Intervention from descendants of real-life assassins - the Ismaili Nizaris - has lead to work on the Assassin's Creed books being indefinitely halted.
Author Steven Barnes who also likes yoga aired the news on his blog, where he said the Ubisoft-sanctioned tampering had made he and his publisher so "unenchanted" that they decided to call it all off.
"They... suggested that Ubisoft, the game company, show more respect for their ancestors, and Ubisoft went all pitter-patter," fumed Barnes, a martial arts devotee, on his blog. "Next thing we knew, they wanted to remove all religious references from the book."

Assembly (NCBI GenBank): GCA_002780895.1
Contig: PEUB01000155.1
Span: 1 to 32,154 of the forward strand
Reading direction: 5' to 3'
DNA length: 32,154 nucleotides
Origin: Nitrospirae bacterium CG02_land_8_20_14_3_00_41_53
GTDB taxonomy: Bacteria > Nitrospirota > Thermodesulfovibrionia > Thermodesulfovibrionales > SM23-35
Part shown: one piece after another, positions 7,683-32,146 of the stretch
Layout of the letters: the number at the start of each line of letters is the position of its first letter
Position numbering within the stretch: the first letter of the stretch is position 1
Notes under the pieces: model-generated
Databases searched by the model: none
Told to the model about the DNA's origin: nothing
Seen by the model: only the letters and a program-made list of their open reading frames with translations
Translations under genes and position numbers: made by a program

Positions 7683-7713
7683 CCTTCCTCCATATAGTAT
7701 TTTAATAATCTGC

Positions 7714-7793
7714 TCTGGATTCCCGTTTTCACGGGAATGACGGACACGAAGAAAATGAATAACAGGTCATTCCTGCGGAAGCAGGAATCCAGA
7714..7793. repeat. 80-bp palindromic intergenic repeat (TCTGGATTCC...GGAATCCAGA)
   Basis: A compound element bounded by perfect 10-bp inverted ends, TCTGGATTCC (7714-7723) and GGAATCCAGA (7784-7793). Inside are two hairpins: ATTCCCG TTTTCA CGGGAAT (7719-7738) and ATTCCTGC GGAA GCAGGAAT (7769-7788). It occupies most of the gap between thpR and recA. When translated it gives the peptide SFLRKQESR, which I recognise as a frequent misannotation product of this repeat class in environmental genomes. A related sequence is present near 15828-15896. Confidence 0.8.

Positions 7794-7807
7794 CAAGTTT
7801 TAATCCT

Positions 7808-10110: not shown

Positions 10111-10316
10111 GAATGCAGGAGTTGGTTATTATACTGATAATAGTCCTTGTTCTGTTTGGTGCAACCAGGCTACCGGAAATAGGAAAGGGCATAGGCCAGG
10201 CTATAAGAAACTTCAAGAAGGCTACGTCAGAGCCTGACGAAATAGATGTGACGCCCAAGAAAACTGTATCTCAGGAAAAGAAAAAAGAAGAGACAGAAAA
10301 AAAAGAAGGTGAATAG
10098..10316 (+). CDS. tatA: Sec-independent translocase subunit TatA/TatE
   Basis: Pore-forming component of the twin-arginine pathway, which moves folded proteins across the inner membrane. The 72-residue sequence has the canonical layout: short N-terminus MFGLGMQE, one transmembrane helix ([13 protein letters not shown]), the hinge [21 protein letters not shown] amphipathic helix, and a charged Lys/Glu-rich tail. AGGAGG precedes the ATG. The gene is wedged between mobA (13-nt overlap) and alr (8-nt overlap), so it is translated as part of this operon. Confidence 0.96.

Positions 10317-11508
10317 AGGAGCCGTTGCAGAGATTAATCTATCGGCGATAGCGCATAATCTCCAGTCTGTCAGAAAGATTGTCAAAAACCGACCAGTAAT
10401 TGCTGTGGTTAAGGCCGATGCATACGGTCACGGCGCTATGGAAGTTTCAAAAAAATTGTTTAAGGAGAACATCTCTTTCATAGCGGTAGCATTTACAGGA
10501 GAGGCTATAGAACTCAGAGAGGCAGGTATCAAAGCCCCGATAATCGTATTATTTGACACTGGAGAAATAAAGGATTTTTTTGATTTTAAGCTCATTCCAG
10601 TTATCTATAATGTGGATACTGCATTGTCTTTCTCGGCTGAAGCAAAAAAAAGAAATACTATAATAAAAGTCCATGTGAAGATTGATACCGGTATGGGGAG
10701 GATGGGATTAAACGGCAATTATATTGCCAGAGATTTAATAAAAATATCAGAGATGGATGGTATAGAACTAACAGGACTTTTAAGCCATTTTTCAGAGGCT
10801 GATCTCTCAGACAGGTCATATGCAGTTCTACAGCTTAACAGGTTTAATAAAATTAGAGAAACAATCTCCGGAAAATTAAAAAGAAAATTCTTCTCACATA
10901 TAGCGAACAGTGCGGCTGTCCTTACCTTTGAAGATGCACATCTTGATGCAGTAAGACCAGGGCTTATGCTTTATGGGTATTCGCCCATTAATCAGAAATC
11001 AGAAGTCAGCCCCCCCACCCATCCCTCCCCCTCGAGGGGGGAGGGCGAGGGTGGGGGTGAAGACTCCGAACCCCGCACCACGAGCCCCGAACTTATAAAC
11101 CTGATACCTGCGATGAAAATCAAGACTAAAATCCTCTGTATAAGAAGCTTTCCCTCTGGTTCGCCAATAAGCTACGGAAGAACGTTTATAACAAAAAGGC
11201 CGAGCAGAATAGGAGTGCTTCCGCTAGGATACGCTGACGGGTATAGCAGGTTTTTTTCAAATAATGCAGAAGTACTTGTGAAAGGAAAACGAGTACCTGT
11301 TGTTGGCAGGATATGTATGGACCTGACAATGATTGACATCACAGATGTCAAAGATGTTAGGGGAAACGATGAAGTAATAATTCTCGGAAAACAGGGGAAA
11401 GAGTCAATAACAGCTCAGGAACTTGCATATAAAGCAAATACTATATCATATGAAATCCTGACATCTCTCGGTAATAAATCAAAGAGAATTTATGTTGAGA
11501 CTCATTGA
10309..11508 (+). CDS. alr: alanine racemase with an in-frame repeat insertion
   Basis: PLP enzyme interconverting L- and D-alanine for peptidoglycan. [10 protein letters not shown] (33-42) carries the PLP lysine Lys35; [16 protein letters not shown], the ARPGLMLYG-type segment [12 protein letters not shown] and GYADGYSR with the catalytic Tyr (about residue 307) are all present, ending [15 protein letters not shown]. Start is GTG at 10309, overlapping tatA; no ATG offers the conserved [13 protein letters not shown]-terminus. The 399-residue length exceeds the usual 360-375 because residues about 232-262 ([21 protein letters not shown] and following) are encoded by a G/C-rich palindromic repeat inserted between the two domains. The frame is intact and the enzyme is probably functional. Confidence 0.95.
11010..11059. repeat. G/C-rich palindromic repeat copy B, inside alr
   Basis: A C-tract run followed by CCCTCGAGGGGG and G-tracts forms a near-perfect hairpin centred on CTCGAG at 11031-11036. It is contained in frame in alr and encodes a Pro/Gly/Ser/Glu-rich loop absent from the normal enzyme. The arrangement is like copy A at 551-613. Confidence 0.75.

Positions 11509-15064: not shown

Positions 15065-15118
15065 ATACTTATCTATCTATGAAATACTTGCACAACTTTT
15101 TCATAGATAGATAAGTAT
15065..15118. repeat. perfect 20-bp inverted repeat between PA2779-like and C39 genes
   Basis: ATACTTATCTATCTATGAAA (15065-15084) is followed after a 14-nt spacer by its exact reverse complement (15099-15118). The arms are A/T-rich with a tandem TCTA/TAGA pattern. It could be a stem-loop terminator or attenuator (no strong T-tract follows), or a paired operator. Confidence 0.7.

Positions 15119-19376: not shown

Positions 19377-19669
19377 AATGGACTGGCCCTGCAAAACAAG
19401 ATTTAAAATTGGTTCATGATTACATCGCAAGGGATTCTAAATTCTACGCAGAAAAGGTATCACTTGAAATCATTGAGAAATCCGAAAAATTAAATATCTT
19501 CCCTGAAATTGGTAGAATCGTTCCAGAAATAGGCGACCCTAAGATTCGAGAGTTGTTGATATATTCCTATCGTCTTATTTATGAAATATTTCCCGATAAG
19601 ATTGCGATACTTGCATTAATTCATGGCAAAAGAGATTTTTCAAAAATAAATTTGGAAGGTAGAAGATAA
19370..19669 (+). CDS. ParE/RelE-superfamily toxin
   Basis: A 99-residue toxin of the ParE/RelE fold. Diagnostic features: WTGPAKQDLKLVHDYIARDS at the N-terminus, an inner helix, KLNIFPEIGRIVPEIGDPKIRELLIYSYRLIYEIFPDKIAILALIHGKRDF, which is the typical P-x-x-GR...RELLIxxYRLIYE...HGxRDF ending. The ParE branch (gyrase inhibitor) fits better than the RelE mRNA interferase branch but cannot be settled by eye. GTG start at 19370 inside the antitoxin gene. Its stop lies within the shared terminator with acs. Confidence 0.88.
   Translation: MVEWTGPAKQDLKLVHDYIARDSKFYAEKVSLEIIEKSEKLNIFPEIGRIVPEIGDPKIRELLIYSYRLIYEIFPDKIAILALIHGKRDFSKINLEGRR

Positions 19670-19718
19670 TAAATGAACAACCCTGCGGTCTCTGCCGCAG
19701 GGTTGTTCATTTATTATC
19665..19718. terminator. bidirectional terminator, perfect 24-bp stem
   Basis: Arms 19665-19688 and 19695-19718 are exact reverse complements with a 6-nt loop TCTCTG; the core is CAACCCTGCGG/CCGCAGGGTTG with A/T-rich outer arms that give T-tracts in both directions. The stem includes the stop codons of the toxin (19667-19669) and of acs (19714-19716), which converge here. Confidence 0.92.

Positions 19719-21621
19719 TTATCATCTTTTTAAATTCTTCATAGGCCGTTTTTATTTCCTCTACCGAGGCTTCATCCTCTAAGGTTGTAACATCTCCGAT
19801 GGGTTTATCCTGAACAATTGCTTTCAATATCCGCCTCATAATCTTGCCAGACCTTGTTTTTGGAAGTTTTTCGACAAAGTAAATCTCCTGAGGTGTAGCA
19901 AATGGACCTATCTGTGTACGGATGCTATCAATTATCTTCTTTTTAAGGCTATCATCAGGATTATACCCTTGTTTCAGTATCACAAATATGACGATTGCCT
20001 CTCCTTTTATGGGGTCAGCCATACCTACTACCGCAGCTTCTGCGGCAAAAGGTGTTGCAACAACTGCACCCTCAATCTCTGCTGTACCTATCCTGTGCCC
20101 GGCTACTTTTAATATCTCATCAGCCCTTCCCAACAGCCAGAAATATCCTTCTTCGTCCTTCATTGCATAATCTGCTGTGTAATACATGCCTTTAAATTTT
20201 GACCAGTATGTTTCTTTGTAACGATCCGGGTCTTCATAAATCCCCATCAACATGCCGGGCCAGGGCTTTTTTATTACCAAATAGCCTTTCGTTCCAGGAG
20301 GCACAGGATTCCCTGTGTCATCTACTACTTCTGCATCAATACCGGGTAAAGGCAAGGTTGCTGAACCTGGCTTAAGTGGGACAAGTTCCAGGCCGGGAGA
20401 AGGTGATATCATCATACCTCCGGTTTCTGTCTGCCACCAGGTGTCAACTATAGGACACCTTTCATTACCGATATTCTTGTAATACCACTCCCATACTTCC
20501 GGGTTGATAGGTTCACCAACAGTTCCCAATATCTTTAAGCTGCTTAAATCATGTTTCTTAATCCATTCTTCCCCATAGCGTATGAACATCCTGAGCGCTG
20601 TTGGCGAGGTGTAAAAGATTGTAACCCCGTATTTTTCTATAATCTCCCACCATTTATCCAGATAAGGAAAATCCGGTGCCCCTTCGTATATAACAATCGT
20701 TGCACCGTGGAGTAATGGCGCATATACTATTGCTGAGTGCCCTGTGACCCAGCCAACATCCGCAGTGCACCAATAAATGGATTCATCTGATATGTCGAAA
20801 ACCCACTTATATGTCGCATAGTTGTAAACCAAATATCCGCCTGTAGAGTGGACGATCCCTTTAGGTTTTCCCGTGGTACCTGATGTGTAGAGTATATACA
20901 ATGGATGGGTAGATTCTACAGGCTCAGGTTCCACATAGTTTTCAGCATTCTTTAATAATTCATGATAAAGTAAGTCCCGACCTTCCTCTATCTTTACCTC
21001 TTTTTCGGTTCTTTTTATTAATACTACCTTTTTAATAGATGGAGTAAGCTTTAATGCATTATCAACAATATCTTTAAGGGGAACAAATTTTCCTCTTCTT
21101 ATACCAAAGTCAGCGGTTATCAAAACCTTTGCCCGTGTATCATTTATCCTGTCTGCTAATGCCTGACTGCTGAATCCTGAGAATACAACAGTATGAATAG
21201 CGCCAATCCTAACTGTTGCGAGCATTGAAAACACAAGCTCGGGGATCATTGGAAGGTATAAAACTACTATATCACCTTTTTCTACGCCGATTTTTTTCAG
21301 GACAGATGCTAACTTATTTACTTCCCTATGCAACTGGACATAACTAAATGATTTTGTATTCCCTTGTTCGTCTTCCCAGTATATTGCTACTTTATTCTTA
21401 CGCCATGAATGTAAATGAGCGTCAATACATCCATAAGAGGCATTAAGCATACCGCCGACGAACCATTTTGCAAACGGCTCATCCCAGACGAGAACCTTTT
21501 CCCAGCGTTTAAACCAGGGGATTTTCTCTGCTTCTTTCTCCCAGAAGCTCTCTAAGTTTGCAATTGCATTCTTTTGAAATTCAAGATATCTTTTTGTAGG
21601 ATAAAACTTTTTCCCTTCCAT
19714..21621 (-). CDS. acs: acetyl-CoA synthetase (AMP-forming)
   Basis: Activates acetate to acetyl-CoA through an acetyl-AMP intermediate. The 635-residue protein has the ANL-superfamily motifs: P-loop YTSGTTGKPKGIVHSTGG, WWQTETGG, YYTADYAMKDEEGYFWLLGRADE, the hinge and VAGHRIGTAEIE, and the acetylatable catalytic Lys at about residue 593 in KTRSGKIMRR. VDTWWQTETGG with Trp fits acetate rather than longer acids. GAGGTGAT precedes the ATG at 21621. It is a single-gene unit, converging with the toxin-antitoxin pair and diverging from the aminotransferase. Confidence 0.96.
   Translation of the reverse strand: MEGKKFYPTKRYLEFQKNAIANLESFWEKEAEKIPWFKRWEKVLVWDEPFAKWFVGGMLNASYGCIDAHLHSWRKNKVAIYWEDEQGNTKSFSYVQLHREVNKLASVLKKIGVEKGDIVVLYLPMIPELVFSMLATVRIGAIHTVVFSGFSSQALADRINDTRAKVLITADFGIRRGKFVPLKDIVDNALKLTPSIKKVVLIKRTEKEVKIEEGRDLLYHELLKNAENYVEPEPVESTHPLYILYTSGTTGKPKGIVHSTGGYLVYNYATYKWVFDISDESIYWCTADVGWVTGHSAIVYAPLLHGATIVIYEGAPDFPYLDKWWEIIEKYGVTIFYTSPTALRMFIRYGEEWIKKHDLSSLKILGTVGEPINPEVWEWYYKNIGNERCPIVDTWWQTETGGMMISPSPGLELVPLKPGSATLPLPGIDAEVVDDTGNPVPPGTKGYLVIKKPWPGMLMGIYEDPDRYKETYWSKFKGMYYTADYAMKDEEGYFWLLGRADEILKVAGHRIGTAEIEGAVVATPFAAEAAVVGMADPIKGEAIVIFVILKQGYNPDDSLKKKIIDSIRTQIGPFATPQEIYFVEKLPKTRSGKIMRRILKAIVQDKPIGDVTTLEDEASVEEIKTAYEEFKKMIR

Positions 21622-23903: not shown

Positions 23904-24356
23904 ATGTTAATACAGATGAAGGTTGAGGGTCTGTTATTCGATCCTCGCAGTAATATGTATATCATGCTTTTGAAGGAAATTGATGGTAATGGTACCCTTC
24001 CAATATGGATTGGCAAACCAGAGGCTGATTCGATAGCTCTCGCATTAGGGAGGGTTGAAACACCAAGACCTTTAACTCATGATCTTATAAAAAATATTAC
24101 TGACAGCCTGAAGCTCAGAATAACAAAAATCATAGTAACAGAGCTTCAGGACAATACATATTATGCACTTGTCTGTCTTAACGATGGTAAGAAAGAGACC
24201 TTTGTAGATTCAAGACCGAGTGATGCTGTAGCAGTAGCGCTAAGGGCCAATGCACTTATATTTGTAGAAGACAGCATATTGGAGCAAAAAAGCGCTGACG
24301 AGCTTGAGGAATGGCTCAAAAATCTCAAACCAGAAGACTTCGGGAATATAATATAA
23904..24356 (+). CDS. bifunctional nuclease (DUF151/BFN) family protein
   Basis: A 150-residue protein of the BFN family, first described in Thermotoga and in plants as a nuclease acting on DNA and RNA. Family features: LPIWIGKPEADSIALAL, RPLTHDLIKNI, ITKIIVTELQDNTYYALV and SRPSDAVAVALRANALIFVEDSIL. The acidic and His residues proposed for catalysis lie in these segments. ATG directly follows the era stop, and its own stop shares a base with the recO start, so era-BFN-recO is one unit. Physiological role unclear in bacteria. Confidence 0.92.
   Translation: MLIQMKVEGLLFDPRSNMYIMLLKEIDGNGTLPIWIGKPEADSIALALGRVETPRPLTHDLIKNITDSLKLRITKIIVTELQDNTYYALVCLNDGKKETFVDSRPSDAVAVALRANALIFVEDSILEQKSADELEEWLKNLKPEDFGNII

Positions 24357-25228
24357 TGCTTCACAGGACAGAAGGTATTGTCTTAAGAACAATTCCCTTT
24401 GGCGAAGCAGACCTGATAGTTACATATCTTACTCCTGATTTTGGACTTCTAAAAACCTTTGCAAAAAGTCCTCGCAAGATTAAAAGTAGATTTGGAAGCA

"The book was turning into puree of bat s***, and I was no longer amused. The whole three-book project died. "
The books were part of a new marketing strategy by Ubisoft to offer auxiliary entertainment experiences to compliment its big new games, as Assassin's Creed producer Jade Raymond told us earlier this year.
Assassin's Creed is set in ancient Jerusalem amid the Third Crusade, where you play as killer Altair, who leaps across rooftops as he dispatches his prey.
Assassin's Creed is due out for 360 and PS3 on 16th November, followed by a PC version early next year.